While you might not consider yourself overly attached to technology, devices like smartphones, iPads, and even laptops play a key role in all of our lives. Let’s be honest, friends: No matter how deep in the zone you are, the second your phone buzzes, you’ll instantly snap out of focus, and your mind will wander to whether or not that cutie finally answered your DM, or if that dream job actually responded to your email. It’s understandable why you’d want to keep lines of communication flowing at all times, but constant notifications can be so stressful when you’re just trying to check things off of your to-do list on any given day.
Social media, and the internet in general, obviously weren't always around, but these days, they provide you with nearly all forms of entertainment, and even your news updates. They also help you stay connected with loved ones, and ensure you get the invite to the latest social event in your area. So where’s the happy medium that squashes the FOMO, but allows you to get sh*t done without sacrificing your mental health?
It sounds like a no-brainer, right? More social media, more problems, and if that’s the case, the only way to forgo FOMO for good would be to take a permanent hiatus from Instagram, Snapchat, Twitter, Facebook, and whatever else you may use. In theory, scrapping any app or feature that makes a ping to notify you of something (that includes email accounts, text messages, and phone calls, BTW) would make life less stressful, and a lot more quiet. Unfortunately, though, a complete disconnect from technology just isn’t realistic in today’s world. A partial disconnect, however, just might be doable.
Instead of signing up for a bunch of notifications, scheduling them in bulk might help you feel less stressed.
Business Insider reports that senior behavioral researcher, Nick Fitz, and his colleagues at Duke University's Center for Advanced Hindsight, have been trying to find ways to improve smartphone notifications and make them less distracting for people on any given day. The team presented their latest findings, which have not yet been published in full online, at a recent American Psychological Association conference. For one thing, Fitz told Business Insider, he and his team found that the average person receives anywhere from 65 to 80 notifications per day. That’s a lot of noise and information flowing in on top of work and, you know, life outside the digital world.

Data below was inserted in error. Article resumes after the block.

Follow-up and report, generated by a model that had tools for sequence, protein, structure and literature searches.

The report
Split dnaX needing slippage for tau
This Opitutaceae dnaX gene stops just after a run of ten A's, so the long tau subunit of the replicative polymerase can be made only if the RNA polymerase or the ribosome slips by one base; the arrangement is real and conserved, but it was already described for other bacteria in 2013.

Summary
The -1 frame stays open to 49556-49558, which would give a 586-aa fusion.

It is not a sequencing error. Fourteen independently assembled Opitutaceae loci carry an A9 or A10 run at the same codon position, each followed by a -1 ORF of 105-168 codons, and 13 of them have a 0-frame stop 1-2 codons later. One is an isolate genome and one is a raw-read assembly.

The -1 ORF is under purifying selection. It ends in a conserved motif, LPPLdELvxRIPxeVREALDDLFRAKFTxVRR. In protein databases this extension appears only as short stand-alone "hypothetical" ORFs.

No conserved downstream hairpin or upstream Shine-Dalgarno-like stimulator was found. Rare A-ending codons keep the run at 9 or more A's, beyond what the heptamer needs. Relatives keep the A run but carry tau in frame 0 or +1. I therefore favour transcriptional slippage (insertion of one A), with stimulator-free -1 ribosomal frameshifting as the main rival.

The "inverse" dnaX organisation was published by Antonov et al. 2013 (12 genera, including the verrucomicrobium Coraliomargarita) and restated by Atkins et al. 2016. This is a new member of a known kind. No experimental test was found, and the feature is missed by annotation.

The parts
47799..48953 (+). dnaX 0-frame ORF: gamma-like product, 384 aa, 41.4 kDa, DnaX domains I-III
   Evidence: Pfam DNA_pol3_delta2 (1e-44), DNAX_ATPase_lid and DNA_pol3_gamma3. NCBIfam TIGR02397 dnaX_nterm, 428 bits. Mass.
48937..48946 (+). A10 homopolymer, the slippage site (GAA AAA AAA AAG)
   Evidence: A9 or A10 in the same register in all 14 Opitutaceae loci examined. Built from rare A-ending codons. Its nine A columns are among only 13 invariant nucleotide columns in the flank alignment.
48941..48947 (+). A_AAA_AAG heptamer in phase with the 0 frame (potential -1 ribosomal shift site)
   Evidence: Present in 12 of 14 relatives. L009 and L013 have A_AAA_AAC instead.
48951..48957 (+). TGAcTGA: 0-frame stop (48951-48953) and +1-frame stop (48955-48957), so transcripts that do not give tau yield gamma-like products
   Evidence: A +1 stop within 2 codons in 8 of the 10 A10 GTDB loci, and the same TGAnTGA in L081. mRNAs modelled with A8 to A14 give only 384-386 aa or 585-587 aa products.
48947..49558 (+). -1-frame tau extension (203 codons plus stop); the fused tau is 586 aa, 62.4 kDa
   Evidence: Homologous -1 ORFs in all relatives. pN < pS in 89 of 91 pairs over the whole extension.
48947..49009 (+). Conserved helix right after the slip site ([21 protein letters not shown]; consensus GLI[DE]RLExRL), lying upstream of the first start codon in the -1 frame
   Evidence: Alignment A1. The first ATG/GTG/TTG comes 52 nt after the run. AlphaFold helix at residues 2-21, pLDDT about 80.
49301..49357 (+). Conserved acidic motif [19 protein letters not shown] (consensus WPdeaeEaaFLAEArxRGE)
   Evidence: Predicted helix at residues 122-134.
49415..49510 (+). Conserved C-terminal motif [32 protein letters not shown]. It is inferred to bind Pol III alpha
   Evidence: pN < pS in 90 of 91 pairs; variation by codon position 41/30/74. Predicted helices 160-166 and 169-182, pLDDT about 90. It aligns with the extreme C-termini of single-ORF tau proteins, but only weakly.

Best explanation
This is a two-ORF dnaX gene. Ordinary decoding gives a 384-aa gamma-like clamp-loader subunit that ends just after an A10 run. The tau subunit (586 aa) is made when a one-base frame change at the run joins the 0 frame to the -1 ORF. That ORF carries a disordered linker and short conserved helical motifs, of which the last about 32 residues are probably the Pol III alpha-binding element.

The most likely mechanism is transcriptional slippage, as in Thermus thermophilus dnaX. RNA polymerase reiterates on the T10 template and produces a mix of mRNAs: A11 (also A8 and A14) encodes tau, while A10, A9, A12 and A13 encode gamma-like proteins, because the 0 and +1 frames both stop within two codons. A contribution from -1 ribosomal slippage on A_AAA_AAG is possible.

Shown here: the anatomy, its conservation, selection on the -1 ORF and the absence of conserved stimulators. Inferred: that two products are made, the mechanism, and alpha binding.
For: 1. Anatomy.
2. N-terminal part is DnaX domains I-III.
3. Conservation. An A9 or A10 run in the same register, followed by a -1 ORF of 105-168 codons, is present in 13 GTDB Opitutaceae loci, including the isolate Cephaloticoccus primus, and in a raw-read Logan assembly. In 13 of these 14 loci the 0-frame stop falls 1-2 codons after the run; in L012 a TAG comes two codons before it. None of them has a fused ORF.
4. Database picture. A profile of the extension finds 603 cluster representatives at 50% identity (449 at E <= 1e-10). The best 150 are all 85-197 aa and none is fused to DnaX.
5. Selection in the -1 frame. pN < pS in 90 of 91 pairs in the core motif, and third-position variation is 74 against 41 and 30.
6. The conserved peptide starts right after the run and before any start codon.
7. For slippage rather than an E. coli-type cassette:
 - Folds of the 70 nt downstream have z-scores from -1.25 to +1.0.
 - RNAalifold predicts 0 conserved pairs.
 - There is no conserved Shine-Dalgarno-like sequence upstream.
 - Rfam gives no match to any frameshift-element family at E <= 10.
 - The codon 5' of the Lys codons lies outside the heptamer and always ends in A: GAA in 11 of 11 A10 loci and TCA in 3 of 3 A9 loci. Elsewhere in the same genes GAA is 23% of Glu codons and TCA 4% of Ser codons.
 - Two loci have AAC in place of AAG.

In order to pin down a healthy balance between all of those alerts and real life, the researchers analyzed four groups over the course of two weeks. The first group was told to check their phones however often they usually do on a normal day; one received a batch of notifications every hour; another received three scheduled batches of notifications throughout the day; and the last group turned off all notifications entirely. Business Insider reports that, while a constant stream of notifications seemed to make people in the study “feel stressed, unhappy, interrupted, and non-productive,” having zero notifications come in didn't do much good, either, presumably because of good ol' FOMO. Three batches of notifications per day was, according to the outlet, "the sweet spot" for people in this research.